A Look into Praying for the Sainted Dead (2 Timothy, Lesson 3)

Funeral Prayers2 (610x351)This is a lesson from our study of 2 Timothy.  Paul mentioned that he prayed for a man named Onesiphorus, who most likely had died when Paul prayed for him.  So, we look into this to see what we can learn.


Read 2 Timothy 1:16-17

  • In what tense (past, present, or future) does Paul refer to Onesiphorus?


  • Unlike some others who were ashamed of Paul, how had Onesiphorus treated him?


“he often refreshed me”: Onesiphorus seems to have died before Paul wrote 2 Timothy, for Paul mentions his family twice (here and in 2 Timothy 4:19), although it was Onesiphorus who had helped him in prison and served the congregation at Ephesus. Paul’s second mention of Onesiphorus is striking: He doesn’t ask Timothy to greet Onesiphorus but, instead, “Greet… the family of Onesiphorus” (2 Timothy 4:19).

Paul speaks of Onesiphorus’ earthly deeds in the past tense. Paul even praises “the service he rendered [past tense] at Ephesus,” without referring to any service that he is [present tense] rendering, there or elsewhere.

The most natural conclusion is that Onesiphorus had died. With such an understanding, Paul’s prayer in verse 16 makes all the more sense: “May the Lord grant mercy to the household of Onesiphorus” because Onesiphorus was no longer there.

Read 2 Timothy 1:18

  • What does Paul do for Onesiphorus that many of us might find unusual today?


  • What is “that Day” that Paul speaks of concerning Onesiphorus?


“may the Lord grant him”: Here, Paul speaks of Onesiphorus in the present and future tense. He prays, “May the Lord grant him to find mercy from the Lord on that Day!” Paul is praying for Onesiphorus after he died, leaving him to God’s mercy as they both anticipate Christ’s return, the final judgment, and the new creation.

This prayer is distinct from Paul’s prayer for Onesiphorus’ family in vs. 16. If Onesiphorus wasn’t dead, why did Paul pray for him and his family separately? This points to the most natural conclusion that Onesiphorus had died, and that Paul had prayed for him after he died.

Optional: Read John 11:17-27, 38-44 (Jesus Raises Lazarus from the Dead)

  • What did Martha ask Jesus to do? (vs. 22)


  • Based on the setting, what would Martha expect from Jesus’ prayer? (vs. 39)


  • When Jesus chided Martha, was it because she (most likely) asked Jesus to pray for Lazarus who had died? (vs. 40) 


Excursus: Prayers for the Sainted Dead

Historically, we know that Jews prayed for someone in God’s Covenant who had died. For we find can such a practice in 2 Maccabees 12:42-45 and Baruch 3:4. Even if one disagrees that those books are part of Scripture,[1] we still find that it was a practice within Judaism before the time of Christ. And that practice has continued to this day in Judaism, known as the “mourner’s kaddish.” Those prayers are offered after a family member dies, and the funeral El Male Rachamim is a prayer specifically for the soul of the deceased.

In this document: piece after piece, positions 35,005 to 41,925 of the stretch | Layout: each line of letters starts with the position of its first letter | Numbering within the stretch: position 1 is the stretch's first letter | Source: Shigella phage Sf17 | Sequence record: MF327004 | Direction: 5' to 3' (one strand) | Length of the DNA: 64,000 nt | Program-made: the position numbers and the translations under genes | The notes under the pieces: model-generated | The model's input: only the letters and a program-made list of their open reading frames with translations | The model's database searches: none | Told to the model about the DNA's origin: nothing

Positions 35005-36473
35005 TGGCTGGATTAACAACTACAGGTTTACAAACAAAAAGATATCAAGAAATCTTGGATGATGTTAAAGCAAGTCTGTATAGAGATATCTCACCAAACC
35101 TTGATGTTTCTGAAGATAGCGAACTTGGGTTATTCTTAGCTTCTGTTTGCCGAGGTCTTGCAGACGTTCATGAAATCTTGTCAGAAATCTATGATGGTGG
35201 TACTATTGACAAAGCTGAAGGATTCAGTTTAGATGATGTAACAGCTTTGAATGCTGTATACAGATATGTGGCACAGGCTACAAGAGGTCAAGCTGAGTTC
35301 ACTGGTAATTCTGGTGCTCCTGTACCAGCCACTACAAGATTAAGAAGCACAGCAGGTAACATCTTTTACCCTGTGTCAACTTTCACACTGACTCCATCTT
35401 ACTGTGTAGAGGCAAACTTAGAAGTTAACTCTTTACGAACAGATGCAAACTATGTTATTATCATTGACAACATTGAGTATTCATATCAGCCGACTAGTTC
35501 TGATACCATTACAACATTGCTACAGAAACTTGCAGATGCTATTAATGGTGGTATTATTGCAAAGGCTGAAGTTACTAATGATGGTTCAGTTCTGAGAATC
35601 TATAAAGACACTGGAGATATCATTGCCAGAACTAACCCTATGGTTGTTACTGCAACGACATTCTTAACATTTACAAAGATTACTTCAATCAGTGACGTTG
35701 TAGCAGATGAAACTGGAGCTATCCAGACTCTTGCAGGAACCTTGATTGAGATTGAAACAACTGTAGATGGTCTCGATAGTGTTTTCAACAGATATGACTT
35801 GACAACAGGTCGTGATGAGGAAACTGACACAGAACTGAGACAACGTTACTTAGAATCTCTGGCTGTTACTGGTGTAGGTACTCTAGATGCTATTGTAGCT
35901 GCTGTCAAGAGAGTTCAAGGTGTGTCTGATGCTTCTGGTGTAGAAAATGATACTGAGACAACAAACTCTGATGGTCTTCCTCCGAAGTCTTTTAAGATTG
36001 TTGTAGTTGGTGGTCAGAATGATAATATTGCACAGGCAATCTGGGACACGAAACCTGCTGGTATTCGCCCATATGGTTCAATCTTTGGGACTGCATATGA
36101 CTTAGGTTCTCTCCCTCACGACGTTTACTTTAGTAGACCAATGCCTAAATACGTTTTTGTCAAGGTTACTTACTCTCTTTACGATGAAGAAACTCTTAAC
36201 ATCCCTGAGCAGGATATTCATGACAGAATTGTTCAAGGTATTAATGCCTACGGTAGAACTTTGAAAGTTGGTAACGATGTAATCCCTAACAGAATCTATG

In Christianity, we find archeological evidence from inscriptions in the catacombs (dating from the 2nd century!) that testify to praying for the sainted dead. We also have writings from some Church fathers and other documents that show such prayers were simply part of the Church’s practice. For example, Church fathers Tertullian (160-225 AD), Cyril of Jerusalem (315-386 AD), and Ambrose (340-397 AD) speak of this practice. Canons of Hippolytus (336-340 AD) and Apostolic Constitutions (375-380 AD) also mention prayers for the dead, as well.

Prayers for the sainted dead was a Church practice from the beginning (that is, based on the few writings that we do have from the early Church). So, Church practice simply affirms the understanding that we, like Paul, pray for the sainted dead after they die.

The question is why?

If we pray only for what we can get God to do for ourselves or others, then prayers for the dead make no sense! After all, “people are destined to die once, and after that face judgment” (Hebrews 9:27). After a Christian dies, his soul is in heaven (Luke 23:43, Philippians 1:23, and 2 Corinthians 5:6, 8); he’s in heaven, awaiting his body to rejoin his soul on the Last Day.

The saints in heaven are still living in faith and hope, awaiting the reunion of body and soul. But this will happen even without our prayers! So, why bother praying for them? (One can also mistakenly conclude not to pray for anything here. After all, we know “that in all things God works for the good of those who love Him” [Romans 8:28], even without our prayers).

But if our prayers are motivated by more than what we would like God to do, then prayers for the sainted dead (actually, those whose souls are alive in heaven) make sense, just like prayers for the saints on earth do. To understand this better, we turn to the Lord’s Prayer, which Jesus gave His disciples to pray (Luke 11:2). It starts out, “Our Father.”


Lesson 3, Lord's Prayer


Nothing in Ephesians chapter 6 suggests that when Paul said to “pray for all the saints,” he was limiting that statement only to the saints on earth, which then would only be some of the saints.

Further, our Lutheran Confessions also say that praying for the sainted dead is beneficial (Apology to the Augsburg Confession, 24, paragraph 96).


Click here to link to an earlier look into the topic, which includes some information not in this article.

Click here to go to the next Lesson.


[1] They were part of the Septuagint, which was the Greek-language Old Testament for Jesus and His Apostles.